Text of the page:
Striped Cucumber Beetle
Striped cucumber beetle is a common and difficult recurring problem facing many growers across the northern United States. These pests feed on the leaves, roots, and fruit of cucurbits. When the beetle count is high, early in the season, it can kill newly emerging direct seeded plants. They can cause enough damage to transplants to reduce yields if the plants survive to maturity.
Later in the season, adults feed on fruit, decreasing marketability
In addition to these already frustrating problems, striped cucumber beetle is a host for both bacterial wilt and squash mosaic virus. Both of these diseases reduce yield and marketability and eventually terminate the plant entirely. There are currently no insecticides effective against striped cucumber beetle available for certified organic farmers, and organic cultural practices for beetle management are not yet fully developed. We are working to close that gap.
Two cultural practices with promise for striped cucumber beetle management are early use of floating row covers and perimeter trap cropping. Row covers are suitable for plantings of a quarter acre or less, while perimeter trap cropping works best for larger acreages. Row covers provide a physical barrier that prevent beetles from damaging plants early on, but must be removed at flowering for crops requiring pollination. They require a fair amount of labor to take on and off and they interfere with timely cultivation for weed control. We’ll examine the costs and benefits of using row covers for striped cucumber beetle management.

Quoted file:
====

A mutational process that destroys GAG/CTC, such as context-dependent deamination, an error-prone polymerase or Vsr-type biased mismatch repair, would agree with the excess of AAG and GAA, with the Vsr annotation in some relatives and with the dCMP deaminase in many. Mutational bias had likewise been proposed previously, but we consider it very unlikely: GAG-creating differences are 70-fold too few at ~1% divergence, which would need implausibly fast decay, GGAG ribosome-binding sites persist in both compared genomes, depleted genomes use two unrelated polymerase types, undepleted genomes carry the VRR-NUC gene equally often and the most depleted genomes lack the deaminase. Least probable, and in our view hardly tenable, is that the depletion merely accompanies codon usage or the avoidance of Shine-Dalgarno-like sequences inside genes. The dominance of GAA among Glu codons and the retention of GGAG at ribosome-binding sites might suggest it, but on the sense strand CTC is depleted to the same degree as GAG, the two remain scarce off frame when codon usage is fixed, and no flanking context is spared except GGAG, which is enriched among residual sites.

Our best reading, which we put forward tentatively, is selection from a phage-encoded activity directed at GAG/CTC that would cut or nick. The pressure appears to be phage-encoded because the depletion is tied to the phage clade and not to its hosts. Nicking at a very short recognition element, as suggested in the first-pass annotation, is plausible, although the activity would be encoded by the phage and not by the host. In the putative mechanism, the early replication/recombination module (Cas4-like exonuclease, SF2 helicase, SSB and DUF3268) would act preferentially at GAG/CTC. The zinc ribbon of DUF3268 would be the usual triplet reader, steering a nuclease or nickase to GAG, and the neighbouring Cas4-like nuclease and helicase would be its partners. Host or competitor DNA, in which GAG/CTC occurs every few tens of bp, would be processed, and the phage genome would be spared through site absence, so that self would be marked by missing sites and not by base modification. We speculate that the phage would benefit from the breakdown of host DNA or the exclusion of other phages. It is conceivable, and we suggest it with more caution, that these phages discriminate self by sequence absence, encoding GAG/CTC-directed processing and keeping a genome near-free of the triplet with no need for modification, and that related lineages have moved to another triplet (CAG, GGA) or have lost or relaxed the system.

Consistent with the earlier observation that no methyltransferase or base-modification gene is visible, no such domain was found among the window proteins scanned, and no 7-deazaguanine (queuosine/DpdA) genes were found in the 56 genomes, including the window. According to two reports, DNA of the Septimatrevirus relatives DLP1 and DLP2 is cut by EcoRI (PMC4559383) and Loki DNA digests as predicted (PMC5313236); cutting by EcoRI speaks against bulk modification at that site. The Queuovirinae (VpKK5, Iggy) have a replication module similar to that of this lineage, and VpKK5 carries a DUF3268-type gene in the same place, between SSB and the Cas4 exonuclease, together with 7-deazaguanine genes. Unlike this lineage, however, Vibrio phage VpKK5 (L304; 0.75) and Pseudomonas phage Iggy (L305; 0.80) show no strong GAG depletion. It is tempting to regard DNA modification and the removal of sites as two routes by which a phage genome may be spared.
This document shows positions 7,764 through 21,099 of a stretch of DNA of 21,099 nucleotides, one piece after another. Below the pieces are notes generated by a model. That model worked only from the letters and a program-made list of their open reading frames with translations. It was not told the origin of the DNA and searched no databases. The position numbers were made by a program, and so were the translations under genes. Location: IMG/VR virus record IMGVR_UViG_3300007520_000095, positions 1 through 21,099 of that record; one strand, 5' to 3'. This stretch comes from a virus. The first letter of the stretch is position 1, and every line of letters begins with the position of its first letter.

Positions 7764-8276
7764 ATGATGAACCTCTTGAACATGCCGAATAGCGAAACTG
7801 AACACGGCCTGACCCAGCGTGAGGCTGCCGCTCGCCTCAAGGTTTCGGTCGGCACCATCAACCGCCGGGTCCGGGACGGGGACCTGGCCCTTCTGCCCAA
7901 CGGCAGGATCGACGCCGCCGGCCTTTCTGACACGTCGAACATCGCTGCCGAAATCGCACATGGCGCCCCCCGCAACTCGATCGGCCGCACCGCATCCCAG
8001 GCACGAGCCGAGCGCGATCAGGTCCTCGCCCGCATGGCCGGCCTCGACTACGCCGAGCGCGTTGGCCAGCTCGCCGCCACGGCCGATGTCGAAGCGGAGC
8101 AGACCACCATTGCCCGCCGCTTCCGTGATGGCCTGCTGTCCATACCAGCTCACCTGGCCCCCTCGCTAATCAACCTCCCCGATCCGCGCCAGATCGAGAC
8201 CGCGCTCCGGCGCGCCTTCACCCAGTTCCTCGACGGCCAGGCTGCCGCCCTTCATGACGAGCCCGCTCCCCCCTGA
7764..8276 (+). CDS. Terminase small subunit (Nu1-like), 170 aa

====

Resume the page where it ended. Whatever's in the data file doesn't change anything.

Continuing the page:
In addition to looking at the economics of physical barriers like row covers, we’ll be delivering enhanced trap-cropping strategies based on an understanding of what attracts beetles to cucurbits in the first place. Perimeter trap cropping relies on the preference beetles have for varieties with high levels of cucurbitacin, a compound that stimulates beetles to feed. Planting an attractive cultivar around the perimeter of a less attractive variety that we want to market concentrates beetle feeding on the perimeter, protecting the main crop. Early flowering is an added bonus for a perimeter crop, as beetles prefer to feed on flowers if they’re available, and we’re working to develop early-flowering varieties that maximize the attractiveness of the perimeter crop. We can also direct breeding in the main crop varieties to incorporate low beetle preference. We will precisely index varietal susceptibility to beetle damage, making it easy for you to select the right strategy for your farm.
Grant number: 2012-51300-20006